We should all be so lucky as to have a ubiquitous data scale named after us. Rensis Likert is one of those proud few, and it’s not a big assumption to assume you are all familiar with his eponymous scale. The ways that Likert scale data is displayed are many, but usually the decision on chart type comes down to either a 100% stacked bar chart (SBC) or a diverging stacked bar chart (DSBC).
Data visualization expert Stephen Few recommends the DSBC over the SBC, and Alana Pirrone does a nice job of showing how the DSBC improves on text tables, pie charts, and bar charts. For a counterpoint, Datawrapper defends the SBC as the better option, yet we still came away convinced that for quick visual communication of the strength of agree versus disagree, the DSBC is the way to go.
Two points for additional context: first, if there are only two alternatives to be compared (yes/no, like/dislike, etc.) a simple two-way bar chart, population pyramid, or tornado chart – all of which have a common axis between the choices – might be the right way to go, depending as always on the nature of the data and the story being told. Second, there is a lively debate over whether and how to include “don’t know/no opinion” responses, a.k.a. DK/NO, on a Likert scale. Some recommend a four-point scale (strongly disagree, disagree, agree, strongly agree) to force a choice, and some believe “nones” to be a mandatory and critical fifth point of data. Again, up to you, although if you are allowing the DK/NO response you should probably include the data. The links above show various visualizations of these issues to help you figure it out, including putting DK/NO responses in the middle or off to the side.
So on to our mission, showing you how to create a DSBC in Microsoft Excel (we are using Microsoft Excel for Microsoft 365 MSO, Version 2202, Build 16.0.14931.20118) 32-bit). The first requirement is data, and here we will use the Spring 2021 Global Attitudes Survey from Pew Research, Spring 2021, question 13c: the percentage of the public who say the political system (1) needs to be completely reformed, (2) needs major changes, (3) needs minor changes, or (4) doesn’t need to be changed. Pew displays the results as an SBC:
In this case Pew also omitted those who did not respond, a.k.a. “item nonresponse,” which is a separate issue from DK/NO responses. We’re going to ignore that for our purpose here. Also, this is not classic four-point Likert scale data, but for our purposes it is essentially the same thing, a four-point strength-of-belief response to a survey question. Reformatting the data as a DSBC gives us this:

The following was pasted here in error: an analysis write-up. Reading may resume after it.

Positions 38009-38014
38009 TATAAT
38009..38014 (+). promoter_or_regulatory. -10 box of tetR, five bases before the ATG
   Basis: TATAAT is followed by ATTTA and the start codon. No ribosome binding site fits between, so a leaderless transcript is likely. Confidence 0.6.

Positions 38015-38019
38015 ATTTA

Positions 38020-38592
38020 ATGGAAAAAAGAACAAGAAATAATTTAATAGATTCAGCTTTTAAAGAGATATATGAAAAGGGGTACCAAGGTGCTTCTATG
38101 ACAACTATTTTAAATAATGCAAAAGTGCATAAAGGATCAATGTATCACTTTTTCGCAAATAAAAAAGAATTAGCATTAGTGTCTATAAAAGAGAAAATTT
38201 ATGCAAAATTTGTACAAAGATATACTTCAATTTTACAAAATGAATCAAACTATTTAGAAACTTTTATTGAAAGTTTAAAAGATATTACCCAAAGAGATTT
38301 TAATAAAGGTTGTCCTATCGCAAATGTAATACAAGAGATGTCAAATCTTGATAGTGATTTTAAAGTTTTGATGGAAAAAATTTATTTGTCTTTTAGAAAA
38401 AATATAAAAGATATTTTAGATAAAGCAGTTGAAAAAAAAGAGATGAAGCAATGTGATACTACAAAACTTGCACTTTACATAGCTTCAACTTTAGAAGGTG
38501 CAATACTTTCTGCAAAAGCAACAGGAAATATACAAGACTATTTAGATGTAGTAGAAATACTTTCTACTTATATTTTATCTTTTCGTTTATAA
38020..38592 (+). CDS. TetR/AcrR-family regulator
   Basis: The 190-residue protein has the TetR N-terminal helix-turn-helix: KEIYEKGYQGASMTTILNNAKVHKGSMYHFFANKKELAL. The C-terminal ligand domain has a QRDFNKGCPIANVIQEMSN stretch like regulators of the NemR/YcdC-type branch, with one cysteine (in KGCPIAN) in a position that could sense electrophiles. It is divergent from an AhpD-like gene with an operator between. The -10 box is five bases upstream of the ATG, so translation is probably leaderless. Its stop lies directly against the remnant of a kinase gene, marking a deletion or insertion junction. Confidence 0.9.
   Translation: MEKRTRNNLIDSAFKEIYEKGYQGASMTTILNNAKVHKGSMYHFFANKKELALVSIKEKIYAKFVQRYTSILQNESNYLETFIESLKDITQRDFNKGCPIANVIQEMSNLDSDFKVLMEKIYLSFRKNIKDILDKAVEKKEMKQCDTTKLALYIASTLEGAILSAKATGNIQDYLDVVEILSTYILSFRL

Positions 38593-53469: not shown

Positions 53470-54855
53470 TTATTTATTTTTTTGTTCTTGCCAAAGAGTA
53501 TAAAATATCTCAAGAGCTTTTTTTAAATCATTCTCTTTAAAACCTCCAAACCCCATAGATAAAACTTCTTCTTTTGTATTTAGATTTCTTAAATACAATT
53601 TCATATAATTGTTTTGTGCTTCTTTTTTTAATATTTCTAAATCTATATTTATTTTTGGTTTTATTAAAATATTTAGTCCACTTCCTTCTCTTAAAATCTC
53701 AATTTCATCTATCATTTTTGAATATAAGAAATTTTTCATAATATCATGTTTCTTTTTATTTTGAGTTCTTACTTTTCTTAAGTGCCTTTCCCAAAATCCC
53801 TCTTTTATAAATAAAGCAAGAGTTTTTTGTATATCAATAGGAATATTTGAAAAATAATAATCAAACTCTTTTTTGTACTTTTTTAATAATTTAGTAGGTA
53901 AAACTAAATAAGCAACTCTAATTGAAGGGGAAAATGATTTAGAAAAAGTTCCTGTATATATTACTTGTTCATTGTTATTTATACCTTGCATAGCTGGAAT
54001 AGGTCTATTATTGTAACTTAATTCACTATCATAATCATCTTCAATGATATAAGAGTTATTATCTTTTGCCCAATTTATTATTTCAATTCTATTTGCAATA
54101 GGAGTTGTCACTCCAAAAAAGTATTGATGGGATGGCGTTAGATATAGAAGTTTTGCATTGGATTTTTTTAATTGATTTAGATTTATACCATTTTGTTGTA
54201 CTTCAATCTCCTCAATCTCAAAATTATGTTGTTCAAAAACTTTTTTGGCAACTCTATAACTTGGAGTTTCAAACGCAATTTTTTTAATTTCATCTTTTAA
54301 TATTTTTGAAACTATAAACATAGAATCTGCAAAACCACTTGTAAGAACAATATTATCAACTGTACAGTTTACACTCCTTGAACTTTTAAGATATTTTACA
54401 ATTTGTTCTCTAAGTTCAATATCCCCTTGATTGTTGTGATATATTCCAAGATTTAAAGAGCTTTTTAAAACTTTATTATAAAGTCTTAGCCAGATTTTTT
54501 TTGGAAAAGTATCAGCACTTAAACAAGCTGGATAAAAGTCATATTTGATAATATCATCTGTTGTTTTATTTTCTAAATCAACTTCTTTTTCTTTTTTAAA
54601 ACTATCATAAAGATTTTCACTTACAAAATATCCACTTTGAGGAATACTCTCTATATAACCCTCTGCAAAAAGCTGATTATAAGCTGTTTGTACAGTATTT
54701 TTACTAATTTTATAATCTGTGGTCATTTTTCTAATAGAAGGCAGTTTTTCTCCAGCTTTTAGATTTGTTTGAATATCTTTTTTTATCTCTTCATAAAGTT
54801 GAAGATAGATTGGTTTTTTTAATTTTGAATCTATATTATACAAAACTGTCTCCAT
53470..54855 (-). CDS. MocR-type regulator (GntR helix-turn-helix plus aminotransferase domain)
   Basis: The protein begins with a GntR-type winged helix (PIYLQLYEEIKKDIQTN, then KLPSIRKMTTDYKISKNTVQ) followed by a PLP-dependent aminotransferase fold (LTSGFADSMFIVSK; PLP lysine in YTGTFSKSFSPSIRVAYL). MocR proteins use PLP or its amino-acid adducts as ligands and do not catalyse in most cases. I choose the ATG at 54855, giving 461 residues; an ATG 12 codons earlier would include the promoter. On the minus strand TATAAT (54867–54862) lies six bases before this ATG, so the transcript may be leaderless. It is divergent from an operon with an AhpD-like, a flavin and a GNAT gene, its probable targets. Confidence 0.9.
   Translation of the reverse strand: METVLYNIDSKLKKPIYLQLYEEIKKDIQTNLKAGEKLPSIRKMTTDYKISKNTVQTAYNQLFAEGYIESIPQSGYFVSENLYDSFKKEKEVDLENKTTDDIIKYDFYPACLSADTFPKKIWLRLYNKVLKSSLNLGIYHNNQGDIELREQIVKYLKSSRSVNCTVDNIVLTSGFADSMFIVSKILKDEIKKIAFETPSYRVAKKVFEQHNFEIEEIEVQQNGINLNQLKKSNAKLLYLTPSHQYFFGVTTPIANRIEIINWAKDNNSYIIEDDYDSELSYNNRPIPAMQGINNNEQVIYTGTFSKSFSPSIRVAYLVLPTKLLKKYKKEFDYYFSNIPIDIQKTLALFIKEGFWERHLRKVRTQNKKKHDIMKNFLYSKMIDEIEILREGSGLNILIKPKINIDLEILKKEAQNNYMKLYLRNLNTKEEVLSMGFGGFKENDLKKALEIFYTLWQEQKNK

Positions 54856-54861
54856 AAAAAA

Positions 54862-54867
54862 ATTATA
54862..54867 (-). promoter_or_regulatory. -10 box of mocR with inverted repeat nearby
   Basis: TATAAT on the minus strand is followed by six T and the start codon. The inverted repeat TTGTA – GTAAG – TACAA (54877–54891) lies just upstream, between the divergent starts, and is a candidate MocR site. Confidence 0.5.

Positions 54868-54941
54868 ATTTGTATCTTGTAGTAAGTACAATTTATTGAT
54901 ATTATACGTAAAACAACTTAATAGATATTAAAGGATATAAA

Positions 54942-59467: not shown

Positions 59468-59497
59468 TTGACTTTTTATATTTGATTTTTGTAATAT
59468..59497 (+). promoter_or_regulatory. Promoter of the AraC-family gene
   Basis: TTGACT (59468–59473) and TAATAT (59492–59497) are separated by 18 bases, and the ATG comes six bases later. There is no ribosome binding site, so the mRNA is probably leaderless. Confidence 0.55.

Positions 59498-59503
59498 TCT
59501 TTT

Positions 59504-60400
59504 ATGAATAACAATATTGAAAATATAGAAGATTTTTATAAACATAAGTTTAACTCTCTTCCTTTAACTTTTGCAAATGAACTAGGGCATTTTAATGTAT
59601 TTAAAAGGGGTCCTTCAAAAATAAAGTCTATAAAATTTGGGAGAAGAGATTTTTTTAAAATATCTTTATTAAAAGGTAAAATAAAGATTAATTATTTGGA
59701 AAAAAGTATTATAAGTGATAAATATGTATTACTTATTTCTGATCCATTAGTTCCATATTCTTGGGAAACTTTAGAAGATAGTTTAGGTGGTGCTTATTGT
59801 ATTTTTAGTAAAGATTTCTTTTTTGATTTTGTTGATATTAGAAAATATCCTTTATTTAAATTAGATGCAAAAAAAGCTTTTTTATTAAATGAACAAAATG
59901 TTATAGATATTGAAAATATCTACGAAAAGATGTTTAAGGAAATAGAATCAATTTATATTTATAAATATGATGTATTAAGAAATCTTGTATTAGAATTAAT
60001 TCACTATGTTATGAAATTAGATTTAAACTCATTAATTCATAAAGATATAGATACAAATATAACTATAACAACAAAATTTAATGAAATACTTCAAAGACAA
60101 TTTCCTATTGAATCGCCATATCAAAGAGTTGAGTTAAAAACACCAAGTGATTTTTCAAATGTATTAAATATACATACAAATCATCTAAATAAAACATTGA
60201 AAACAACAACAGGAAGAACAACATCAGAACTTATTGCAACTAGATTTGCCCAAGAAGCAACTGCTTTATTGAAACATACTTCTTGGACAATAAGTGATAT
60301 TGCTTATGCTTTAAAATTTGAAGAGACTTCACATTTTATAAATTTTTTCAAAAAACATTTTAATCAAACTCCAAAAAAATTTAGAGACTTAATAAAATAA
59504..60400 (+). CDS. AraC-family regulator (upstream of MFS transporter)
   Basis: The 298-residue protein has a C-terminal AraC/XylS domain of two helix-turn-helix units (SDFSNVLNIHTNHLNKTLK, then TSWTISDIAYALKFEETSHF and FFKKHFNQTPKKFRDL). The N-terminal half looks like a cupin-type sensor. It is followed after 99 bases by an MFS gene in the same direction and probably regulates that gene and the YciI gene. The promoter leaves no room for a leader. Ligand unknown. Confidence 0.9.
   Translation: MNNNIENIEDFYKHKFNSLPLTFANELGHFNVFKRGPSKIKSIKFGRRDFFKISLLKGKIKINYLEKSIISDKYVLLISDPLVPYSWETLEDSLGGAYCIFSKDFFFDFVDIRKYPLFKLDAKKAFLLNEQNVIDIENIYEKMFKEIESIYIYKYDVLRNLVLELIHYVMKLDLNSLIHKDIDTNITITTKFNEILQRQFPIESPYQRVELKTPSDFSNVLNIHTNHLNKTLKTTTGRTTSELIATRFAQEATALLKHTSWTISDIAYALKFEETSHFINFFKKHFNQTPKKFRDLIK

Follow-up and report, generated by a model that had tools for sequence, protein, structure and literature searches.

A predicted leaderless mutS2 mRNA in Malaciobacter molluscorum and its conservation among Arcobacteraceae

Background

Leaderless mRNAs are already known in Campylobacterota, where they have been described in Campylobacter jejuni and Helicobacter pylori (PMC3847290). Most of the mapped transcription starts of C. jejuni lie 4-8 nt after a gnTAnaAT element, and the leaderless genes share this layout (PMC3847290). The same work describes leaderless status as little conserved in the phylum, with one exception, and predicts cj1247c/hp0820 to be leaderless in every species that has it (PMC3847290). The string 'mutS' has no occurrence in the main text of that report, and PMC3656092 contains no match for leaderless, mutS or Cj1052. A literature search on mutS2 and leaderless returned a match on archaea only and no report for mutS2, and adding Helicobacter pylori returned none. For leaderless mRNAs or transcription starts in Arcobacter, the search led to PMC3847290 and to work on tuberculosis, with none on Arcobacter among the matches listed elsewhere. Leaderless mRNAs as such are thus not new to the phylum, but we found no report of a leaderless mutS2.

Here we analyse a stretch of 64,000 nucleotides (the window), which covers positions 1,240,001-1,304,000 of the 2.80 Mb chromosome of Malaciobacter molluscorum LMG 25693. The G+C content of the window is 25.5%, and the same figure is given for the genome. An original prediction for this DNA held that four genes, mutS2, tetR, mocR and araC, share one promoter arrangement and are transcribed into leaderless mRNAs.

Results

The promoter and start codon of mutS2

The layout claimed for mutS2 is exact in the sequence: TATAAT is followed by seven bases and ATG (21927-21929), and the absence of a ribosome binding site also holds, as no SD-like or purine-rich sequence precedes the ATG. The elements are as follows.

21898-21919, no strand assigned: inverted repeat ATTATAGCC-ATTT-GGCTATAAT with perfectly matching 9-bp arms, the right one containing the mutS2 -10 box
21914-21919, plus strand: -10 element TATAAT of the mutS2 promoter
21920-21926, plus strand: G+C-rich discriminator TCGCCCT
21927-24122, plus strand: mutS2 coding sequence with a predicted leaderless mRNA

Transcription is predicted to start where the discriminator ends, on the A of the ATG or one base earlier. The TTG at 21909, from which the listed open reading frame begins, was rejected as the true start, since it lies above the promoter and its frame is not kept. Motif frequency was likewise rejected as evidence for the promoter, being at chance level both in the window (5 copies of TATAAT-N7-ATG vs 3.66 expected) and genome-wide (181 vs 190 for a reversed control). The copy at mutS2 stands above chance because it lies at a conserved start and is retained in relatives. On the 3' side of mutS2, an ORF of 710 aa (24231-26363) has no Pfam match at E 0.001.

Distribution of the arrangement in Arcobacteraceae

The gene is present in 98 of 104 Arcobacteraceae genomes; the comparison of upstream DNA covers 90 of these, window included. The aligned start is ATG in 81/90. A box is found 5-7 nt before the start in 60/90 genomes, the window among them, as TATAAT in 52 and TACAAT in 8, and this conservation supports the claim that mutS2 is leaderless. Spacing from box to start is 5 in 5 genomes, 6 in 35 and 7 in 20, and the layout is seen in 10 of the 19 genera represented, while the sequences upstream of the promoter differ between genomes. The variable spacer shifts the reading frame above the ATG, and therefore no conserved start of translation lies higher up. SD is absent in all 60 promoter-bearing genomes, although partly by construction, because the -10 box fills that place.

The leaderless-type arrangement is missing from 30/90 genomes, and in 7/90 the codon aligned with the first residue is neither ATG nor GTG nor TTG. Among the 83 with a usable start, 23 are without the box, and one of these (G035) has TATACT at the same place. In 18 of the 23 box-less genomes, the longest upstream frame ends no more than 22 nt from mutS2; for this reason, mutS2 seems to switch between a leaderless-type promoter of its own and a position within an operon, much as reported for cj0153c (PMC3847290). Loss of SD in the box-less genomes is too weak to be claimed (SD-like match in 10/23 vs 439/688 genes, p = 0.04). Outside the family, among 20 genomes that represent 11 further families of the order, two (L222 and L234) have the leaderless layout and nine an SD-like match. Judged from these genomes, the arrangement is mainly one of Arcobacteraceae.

You can see the original Pew SBC emphasizes the countries where the public believes complete reformation of the political system is necessary. Our re-imagining of the data as a DSBC transfers the emphasis to a division of countries into those that believe complete/major change is necessary versus those that believe minor/no change is necessary. How did we get there? Read on for the step-by-step.
1. Enter and format the data.
Enter the data into Excel in normal column format and format as shown above. Add two columns, B and G above, labeled “buffer left” and “buffer right.” For “buffer left” we entered in cell A5 the formula =1-(B2+C2) which gives us a value that, when added to columns B+C = 100%. We did the same for “buffer right,” formula = 1-(D2+E2). Drag those formulas down to fill in the rest of the data rows. We will make the two “buffer” columns invisible when we chart the data, which will magically give us a common center axis.
2. Select data, create chart, and hide buffer data.
Select A1:G18, click insert column or bar chart, and select 100% stacked bar chart. This will give you a chart with colors that match whatever your color scheme is. Now just select each of the buffer data bars, dark blue and green respectively in this chart, and change the fill to “no fill.” Notice the common center axis between “needs major changes” and “needs minor changes.”
We also deleted the chart title element and, in the legend, the “buffer left” and “buffer right” elements. What we are left with is a chart that clearly shows the relationship between the cumulative percentages of the public in each country that think complete/major change is necessary versus those who think just minor/no changes are necessary. We could stop at this point, but if you’d like to pretty it up, read on.
3. Additional formatting.
All of this is of course optional, but we think the following formatting changes enhanced the readability of this chart:
- Change the chart colors to match more closely the original Pew colors.
- Delete the vertical lines, including next to the country names.
- Delete the percentage scale at the bottom.
- Add a white solid line border to each of the four chart colors.
- Add data labels and change text color to white for all but one series.
- Increase country name font size from 9 to 11.
- Decrease gap width of bars to 30%.
- Sorted data by “buffer left.”
- Changed values in table from percent to general (required new table…).
- Moved some values in narrow bars to side (shift+drag) and reformatted color to black, and removed leader lines.
- Moved legend to top.
- Added title.
- Added center line.
The last step is, like all the others, optional, but we feel it gives a stronger visual impression of good values (less need for change) versus bad values (greater need for change):
What we are left with is a chart that tells a slightly different story from the Pew original, in this case which countries see less need for changes to their political system versus those that see more. We hope you found this useful!
And a little red meat for the data visualization junkies out there: just for fun we updated the chart with the “no answer” data. What’s up with Taiwan?
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